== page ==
The message for South Korea in North Korea’s statement for the New Year was considerably more gracious than that of last year. Kim Jong Eun stated in his address, as per the subsequent official translation, “An important issue in putting an end to the division of the country and achieving its reunification is to remove confrontation between the north and the south.”
Despite the fact that the “unity of the Korean people” has been a constant theme of North Korean discourse over several decades now, the reaction to Kim’s words was abnormally enthusiastic. Some experts even believe that the speech revealed Kim Jong Eun’s ardent wish to restore inter-Korean relations, and say that North Korea is sure to put more weight on dialogue with South Korea going forward. The state-run Korea Institute for National Unification (KINU) concluded that North Korea has returned to a gentler South Korea policy.
Yet the reality is that North Korea has been going back and forth between dialogue and provocation over many years. This was even true under the left wing Kim Dae Jung and Roh Moo Hyun administrations. Lest we should forget, at the launch of the Lee Myung Bak administration in 2008, the first conservative administration for ten years, North Korea expressed great anticipation that progress in inter-Korean relations was impending.
At that time, North Korea called for the creation of “a new history of peaceful prosperity” and the promotion of legal and institutional mechanisms to prepare for unification. However, as inter-Korean relations went astray and Kim Jong Eun moved closer to the driving seat, North Korea embarked on a set of extreme provocations. Mind you, even then North and South were still discussing the possibility of a summit behind the scenes.
North Korea has chosen to limit its attacks on the new administration for one major reason; to test it. This happened in the 2003 and 2008 addresses (then known as the New Year’s Joint Editorial); indeed, it happens each time a new administration is launched down in Seoul.
Choson Shinbo, the publication of pro-North Koreans based in Japan, recently asked very publicly whether Park Geun Hye is really committed to the development of inter-Korean relations or not. This too was testing the waters. Kim Jong Eun’s New Year’s Address, delivered with much fanfare on TV and radio, was not different, only bigger.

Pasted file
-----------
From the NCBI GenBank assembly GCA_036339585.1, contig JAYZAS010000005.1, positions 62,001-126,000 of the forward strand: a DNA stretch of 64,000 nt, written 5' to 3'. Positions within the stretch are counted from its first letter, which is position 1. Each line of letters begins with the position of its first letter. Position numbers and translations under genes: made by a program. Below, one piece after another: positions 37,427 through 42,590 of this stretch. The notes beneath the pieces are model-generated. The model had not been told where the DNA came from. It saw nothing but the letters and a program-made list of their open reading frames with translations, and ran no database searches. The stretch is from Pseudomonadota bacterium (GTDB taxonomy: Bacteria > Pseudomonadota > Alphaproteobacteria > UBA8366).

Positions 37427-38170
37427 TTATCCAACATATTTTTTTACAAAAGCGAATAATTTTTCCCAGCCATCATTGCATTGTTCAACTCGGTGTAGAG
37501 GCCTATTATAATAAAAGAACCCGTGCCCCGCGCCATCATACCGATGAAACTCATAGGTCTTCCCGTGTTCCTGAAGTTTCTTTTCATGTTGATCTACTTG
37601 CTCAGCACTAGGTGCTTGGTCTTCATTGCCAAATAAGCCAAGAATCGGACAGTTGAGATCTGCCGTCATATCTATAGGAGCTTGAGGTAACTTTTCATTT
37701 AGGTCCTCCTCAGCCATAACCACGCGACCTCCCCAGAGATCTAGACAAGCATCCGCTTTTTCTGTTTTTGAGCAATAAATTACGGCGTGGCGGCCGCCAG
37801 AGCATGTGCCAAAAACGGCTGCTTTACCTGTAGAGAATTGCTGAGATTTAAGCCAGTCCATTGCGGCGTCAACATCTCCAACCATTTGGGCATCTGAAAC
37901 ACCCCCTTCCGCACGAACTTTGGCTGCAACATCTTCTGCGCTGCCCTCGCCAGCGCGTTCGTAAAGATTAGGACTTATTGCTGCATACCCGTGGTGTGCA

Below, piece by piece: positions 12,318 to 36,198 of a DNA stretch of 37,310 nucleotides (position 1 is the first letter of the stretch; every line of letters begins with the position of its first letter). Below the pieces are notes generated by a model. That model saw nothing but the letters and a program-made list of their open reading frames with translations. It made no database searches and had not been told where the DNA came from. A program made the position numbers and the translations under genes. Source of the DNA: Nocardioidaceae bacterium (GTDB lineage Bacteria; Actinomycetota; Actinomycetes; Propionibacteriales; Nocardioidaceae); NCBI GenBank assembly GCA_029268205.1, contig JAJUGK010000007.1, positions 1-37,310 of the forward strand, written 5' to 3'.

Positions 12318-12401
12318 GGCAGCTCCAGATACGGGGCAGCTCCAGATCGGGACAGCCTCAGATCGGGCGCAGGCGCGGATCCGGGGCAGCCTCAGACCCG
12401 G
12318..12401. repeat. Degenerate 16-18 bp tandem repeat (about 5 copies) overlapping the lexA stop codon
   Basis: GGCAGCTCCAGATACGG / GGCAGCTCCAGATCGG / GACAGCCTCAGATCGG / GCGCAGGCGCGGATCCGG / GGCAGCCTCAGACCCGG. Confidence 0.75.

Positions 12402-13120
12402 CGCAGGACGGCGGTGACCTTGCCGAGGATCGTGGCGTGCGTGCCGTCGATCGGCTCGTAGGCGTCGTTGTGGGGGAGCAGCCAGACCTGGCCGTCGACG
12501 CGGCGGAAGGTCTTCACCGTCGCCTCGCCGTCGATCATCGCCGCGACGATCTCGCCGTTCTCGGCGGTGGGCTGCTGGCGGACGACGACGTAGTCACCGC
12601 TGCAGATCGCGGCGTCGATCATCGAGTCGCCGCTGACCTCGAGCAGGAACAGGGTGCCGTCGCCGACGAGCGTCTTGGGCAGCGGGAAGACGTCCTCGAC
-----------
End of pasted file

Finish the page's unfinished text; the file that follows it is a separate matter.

President-elect Park declared before her election that dialogue without precondition is possible, meaning that the ball is now in North Korea’s court. There is likely to be a period of review, followed by a conversation behind closed doors. However, nothing will come of it if North Korea attaches conditions to progress before it even starts. Even if the Park administration is as open-minded as it claims to be, if North Korea has an inflexible attitude then the restoration of inter-Korean relations will surely not follow.
If things go badly, as it is even odds that they will, a third nuclear test will doubtless be on the horizon. What is self-evident, at least to Daily NK, is that North Korea plans to wander a twisty path between dialogue and provocation, demanding repeatedly that South Korea make a choice between jaw-jaw and war-war, adroitly dividing South Korean public opinion in the process.
For is it not more than likely that North Korea will continue to mobilize its military, in order to both bring order to society under Kim Jong Eun and push South Korea? More than ever, is it not probable that inter-Korean relations will remain on a rollercoaster, swinging like the pendulum of a grandfather clock between dialogue and provocation, from missile launch to New Year’s Address? If so, then realistically our inter-Korean goals should be revised downwards.
The most important thing to begin with is minimizing conflict within South Korea. Let us be reasonable, and establish whether North Korea is proposing to adopt a responsible and transparent attitude toward dialogue. But also, let’s hold the New Year’s Address up to the light, in order that we might see it for what it is and approach inter-Korean dialogue with open eyes.